Archive for the ‘New England stone chambers’ Tag

The Putney Mountain Stone Chambers   2 comments

A precipitous drop in temperatures from the 90s (34C) to the 40s (6C) last night, warming to the low 60s (17C) this afternoon, made for ideal conditions to visit the stone chambers around Putney, Vermont.

My Druid friend B. was my guide. The roads around Putney Mountain are not always well-labelled, many run through private lands, and some of the many dirt roads devolve to Class 4 — not regularly maintained, generally not passable without all-wheel drive vehicles, and not plowed in winter. We drove where we could, then set out on foot.

Here B. stands next to the entrance of the first chamber, giving an approximate sense of the height of the mouth.

Putneych1

A side view of the same chamber. Note the stone wall climbing the hillside in the background.

Putch1side

What we called the terraced or “pyramid” structure around chamber 1:

Putch1terracing

The chamber features a drainage (?) channel cut into the rock. All of the chambers face roughly east, and this particular channel runs due east, judging by readings from B’s smart-phone compass app.

Putch1drain

V-shaped entrance to chamber 2 — note what appears to be a stone “lintel” in the foreground.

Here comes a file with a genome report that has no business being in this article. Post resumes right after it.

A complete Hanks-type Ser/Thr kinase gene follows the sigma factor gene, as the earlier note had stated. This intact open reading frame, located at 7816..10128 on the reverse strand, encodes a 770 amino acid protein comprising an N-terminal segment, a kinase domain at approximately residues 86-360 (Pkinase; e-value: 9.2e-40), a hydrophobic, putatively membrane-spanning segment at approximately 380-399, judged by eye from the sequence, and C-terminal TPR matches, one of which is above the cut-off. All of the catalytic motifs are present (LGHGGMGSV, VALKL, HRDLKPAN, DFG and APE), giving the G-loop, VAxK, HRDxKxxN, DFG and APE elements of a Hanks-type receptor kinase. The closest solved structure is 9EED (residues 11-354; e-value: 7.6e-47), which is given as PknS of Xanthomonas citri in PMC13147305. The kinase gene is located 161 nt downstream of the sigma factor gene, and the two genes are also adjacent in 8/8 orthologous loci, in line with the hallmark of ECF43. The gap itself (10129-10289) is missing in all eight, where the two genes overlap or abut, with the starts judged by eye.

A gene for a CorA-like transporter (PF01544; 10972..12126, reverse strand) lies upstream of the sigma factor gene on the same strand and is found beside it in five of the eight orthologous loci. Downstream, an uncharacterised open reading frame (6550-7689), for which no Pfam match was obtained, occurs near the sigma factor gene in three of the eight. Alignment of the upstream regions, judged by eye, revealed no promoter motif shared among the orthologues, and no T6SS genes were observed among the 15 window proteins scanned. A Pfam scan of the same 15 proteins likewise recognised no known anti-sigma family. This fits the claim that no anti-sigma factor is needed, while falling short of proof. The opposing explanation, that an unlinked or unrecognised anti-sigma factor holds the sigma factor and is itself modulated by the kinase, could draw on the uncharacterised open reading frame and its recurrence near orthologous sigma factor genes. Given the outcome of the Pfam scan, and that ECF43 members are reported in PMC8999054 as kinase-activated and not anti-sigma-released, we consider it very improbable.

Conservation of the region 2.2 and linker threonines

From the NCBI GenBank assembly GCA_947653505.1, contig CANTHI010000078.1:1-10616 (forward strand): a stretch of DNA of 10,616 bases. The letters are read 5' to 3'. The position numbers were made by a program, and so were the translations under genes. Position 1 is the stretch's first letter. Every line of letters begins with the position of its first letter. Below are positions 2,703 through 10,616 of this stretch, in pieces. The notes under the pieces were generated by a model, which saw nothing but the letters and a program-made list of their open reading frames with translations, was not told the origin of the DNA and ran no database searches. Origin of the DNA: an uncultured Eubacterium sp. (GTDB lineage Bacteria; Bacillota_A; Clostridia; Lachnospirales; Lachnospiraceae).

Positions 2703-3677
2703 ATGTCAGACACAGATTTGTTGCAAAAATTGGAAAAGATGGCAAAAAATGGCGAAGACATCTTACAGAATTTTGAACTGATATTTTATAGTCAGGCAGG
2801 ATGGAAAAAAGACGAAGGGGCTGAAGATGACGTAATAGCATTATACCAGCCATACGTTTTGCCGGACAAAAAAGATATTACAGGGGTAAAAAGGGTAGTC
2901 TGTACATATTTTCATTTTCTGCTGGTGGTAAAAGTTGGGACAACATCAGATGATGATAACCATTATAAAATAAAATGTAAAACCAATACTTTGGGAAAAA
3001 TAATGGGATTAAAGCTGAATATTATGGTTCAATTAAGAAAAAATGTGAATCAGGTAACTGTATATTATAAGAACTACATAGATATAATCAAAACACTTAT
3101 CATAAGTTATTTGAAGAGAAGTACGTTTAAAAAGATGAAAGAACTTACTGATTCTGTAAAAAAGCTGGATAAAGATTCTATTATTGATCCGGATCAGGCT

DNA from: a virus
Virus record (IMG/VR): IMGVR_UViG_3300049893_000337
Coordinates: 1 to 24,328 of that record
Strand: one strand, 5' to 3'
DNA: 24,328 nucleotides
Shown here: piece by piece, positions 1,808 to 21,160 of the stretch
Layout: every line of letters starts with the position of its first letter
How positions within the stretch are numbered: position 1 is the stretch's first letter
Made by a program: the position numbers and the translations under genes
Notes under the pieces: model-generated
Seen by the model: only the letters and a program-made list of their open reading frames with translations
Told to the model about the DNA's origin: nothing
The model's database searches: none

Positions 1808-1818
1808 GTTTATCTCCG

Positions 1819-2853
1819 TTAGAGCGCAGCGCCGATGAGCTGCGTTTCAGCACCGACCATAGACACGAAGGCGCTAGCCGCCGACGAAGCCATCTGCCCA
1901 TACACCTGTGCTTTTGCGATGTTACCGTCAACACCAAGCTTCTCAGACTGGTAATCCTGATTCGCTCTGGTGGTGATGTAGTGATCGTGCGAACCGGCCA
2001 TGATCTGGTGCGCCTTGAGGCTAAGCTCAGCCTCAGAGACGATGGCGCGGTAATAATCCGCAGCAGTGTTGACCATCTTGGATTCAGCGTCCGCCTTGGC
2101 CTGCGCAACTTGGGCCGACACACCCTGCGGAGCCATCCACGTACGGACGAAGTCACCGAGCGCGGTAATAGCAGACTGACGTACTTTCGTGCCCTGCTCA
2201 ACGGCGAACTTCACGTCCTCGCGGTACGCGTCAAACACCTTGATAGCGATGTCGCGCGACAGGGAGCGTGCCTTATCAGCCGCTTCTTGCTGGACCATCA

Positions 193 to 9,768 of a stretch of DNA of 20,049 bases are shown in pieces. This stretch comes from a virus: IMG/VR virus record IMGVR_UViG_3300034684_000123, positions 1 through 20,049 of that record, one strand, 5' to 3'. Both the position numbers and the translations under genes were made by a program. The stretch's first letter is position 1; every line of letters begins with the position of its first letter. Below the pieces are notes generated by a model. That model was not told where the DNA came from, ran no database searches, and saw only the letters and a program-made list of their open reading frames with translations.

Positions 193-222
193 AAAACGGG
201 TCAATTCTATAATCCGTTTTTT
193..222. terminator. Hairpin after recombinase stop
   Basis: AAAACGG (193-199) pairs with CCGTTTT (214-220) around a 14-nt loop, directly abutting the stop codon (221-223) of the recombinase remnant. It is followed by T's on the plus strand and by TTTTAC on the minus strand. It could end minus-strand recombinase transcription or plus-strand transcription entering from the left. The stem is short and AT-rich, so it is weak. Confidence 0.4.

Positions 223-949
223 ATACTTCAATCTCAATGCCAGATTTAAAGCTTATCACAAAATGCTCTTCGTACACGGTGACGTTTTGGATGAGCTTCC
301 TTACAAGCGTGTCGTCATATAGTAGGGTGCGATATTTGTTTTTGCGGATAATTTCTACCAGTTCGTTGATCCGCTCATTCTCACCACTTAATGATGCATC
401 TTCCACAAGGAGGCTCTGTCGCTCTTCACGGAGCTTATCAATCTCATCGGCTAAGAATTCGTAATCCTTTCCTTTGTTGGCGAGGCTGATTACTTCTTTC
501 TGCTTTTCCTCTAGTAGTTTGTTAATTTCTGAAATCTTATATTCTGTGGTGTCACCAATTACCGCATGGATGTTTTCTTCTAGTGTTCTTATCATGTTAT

Putch2-lintel

B crouched within chamber 2 — larger than chamber 1, and quite dry inside. The massive roof plates of stone easily weigh several tons each.

Putch2-interior

Looking out from within chamber 2. Unlike the first chamber, this one was dry enough to sit on the earth floor.

Putch2-from-int

Chamber 3 differs in the location of the entrance. Here is what looked and felt to both of us like a “processional walk” to the chamber. Merely a path left from frequent hikers exploring the area? Or something else? How to tell?

Putch3-approach

Continuing the approach to chamber 3.

Putch3-app2

B standing at the roof entrance to chamber 3 for a sense of scale. The beech (?) to the left appeared at least two hundred years old.

Putch3--near

Close-up of the kiva-like entrance to chamber 3.  The interior is deep enough for a person to stand upright in the oval space, about 8 feet (2.4 m) across.

Putch3-close

Chamber 4 — the roof has fallen in on the far side. Stone taken for building elsewhere? Similar design to the others — but perhaps run-off from hillside weakened the roof.

Putch4

Despite both learned and amateur speculation, no convincing conclusions about the purpose of these chambers exists. Colonial smokehouses? Storage sheds? Native ritual or burial chambers? Nothing quite seems to explain the massive construction, cramped and damp spaces, the exceptions of the details of chambers 2 and 3, etc. Similar stoneworks around New England raise similar questions. While dating suggests pre-European construction in some locations, other sites present what appears to be intermingled periods of building/repair.

/|\ /|\ /|\

%d bloggers like this: